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SFR names biggest residential, commercial water consumers in 2013

March 19, 2014, 12:00 am

Santa Fe is brown and its water is green. 

As New Mexico continues to suffer one of its most protracted droughts in memory, SFR has resurrected our annual list of the Top 10 water users in the city.

One of our main findings based on public records from 2013: Where the water flows the most in this brown high-desert oasis, so does money.

To take a tour of the top residential water users is to visit some of the city’s most expensive homes, situated on large plots of land with gardens, pools, tennis courts and gates. Fashion designer Tom Ford is on the list, but not at the top. He’s joined by self-proclaimed environmentalists.

To visit the highest-consuming commercial water users is to see the largest institutions in Santa Fe that drive the city’s economy, including four hotels, a college, a hospital and even the conservation-wise city itself.

The most water-hogging commercial users collectively used 89.5 million gallons last year and paid a combined cost of more than $1.5 million, or about 3 percent of the revenue for the water division, $45.5 million.

Check irrigation systems each spring to look for damage from frost or freezing. Do-it-yourself inspections on irrigation systems can also be as simple as checking for broken or missing sprinkler heads and examining points where they connect to pipes or hoses. Water pooling indicates a leak. Common indoor leaks include drippy faucets or leaky valves. Robert Martinez, the owner of a local plumbing company, says to check boilers and water heaters for corrosion. He notes that when many of his customers leave town, they leave the water on and turn the heat off only to return to a flood because their pipes froze.

For residential customers on the list, one problem persists: leaks. The top 10 residential consumers paid a combined price of nearly $80,000 for 4.9 million gallons of water last year. (An average of $8,000 per year compared to the average city family that pays about $1,800 per year, or roughly $154 per month.)

The US Environmental Protection Agency declares this its annual Fix-A-Leak Week, estimating that household leaks nationwide are wasting more than 1 trillion gallons a year. The EPA says that’s equal to the amount of water used annually in more than 11 million homes.

In Santa Fe, city officials estimate that 10 percent of homes have leaks that waste 90 gallons or more per day.

In some cases, residents on this list weren’t aware of leaks because they were out of town.

“A lot of people here who own homes are from Texas, California and all over the state,” says Robert Martinez, owner of Santa Fe Express Plumbing and Drain. As a result, many find floods in their New Mexico houses when they return in the spring.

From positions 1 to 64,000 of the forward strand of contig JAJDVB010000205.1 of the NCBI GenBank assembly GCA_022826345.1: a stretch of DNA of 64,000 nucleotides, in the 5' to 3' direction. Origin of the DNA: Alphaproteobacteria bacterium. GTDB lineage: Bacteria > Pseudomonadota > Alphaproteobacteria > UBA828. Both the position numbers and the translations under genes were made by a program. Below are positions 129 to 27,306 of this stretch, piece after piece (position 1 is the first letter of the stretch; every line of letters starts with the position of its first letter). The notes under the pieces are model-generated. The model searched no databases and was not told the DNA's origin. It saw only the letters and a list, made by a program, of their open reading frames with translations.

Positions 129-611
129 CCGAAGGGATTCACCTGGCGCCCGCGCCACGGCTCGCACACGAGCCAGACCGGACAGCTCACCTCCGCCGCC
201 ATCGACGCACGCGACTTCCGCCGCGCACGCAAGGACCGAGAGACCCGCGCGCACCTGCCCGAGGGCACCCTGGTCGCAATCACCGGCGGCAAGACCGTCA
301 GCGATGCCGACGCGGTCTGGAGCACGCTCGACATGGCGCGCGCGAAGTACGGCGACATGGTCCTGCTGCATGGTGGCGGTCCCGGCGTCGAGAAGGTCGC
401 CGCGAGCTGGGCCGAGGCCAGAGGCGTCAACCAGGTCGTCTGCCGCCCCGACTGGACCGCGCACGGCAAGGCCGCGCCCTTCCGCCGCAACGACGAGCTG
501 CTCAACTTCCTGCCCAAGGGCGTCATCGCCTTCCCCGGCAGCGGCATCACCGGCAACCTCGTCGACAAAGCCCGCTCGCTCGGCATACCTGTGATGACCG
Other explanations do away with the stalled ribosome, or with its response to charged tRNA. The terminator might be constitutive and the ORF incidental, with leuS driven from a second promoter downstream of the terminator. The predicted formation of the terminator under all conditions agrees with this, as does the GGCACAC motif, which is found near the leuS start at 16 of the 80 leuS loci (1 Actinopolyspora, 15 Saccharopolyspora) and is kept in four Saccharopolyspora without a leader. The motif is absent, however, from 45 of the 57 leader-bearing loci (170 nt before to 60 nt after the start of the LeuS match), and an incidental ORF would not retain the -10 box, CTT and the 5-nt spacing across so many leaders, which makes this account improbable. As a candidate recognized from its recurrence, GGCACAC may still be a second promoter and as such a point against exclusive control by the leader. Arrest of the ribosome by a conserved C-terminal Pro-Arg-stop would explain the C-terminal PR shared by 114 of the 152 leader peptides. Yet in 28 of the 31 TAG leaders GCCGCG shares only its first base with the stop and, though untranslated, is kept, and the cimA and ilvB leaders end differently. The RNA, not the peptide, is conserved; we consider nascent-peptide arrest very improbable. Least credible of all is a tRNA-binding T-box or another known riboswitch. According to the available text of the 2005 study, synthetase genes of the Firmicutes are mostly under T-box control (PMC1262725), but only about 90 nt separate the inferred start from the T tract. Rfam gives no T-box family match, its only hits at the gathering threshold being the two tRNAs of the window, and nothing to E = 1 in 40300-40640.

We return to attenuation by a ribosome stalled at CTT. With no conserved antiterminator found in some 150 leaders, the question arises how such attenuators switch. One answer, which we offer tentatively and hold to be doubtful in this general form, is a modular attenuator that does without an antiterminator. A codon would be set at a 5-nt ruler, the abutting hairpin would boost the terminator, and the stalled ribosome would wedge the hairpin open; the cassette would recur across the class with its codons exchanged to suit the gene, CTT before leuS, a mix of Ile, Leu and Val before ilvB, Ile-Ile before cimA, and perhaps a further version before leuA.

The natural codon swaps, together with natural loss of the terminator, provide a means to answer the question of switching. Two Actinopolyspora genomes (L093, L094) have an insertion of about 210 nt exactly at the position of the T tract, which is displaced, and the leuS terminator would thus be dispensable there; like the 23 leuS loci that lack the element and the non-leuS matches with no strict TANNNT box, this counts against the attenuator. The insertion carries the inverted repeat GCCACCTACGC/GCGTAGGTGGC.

The city allows customers to apply for a leak credit once a year—provided the customer can prove the existence of a leak and that it spilled more water than used the same month in the previous year. But even with that credit, there’s often still a hefty tab plus a bill from a plumber.

That’s another reminder of how pricey water is in the City Different. Residents have also seen rates rise in each of the last five years to pay for new water-supply projects, but officials haven’t announced any plans to hike rates again soon.

Many bemoan that increases in water rates go against promises officials made when the city acquired the water utility from the Public Service Company of New Mexico two decades ago. (For more about this, see page 9.)

Yet, City Hall boasts that water policies including “conservation surcharges” for excessive use have reduced consumption in Santa Fe by more than 39 percent since 1995, besting other southwestern cities of similar sizes by using an average of only 107 gallons per person per day.

Our research nevertheless shows that Santa Fe’s guzzlers are swallowing millions of gallons every year—just as the city’s surface water supplies, the Santa Fe River and the Rio Grande, fight to flow.

Top 10 Water Guzzlers

Residential Users | Commercial Users

Top 10 Residential Users

Letitia Quinn
Los Arboles Drive

Gallons consumed: 635,000
Annual water bill: $5,770.97

Justin Horwath


The news that she made the top of this list is “just appalling to me,” Quinn tells SFR.

Aerial photos of her home off Old Taos Highway show shrubs and trees surrounding a pool and tennis court.

“I do very little in the way of gardening and landscaping,” she says, noting that she splits time between Santa Fe and California. “I’m an environmentalist. I’m very conscientious about these things. But if a pipe bursts and you’re out of town, there’s really nothing that can be done about it— it’s an accident.”

Records support her story about a pipe problem. The city billed her for $9,827.97 in January 2013. In April, she got a leak credit of $9,728.79.

Quinn’s bills in the 11 months after January averaged $388 a month with a high September bill of $1,738.81. Her total water use last year could refill the 30,000-gallon swimming pool at La Fonda hotel every year for more than 20 years.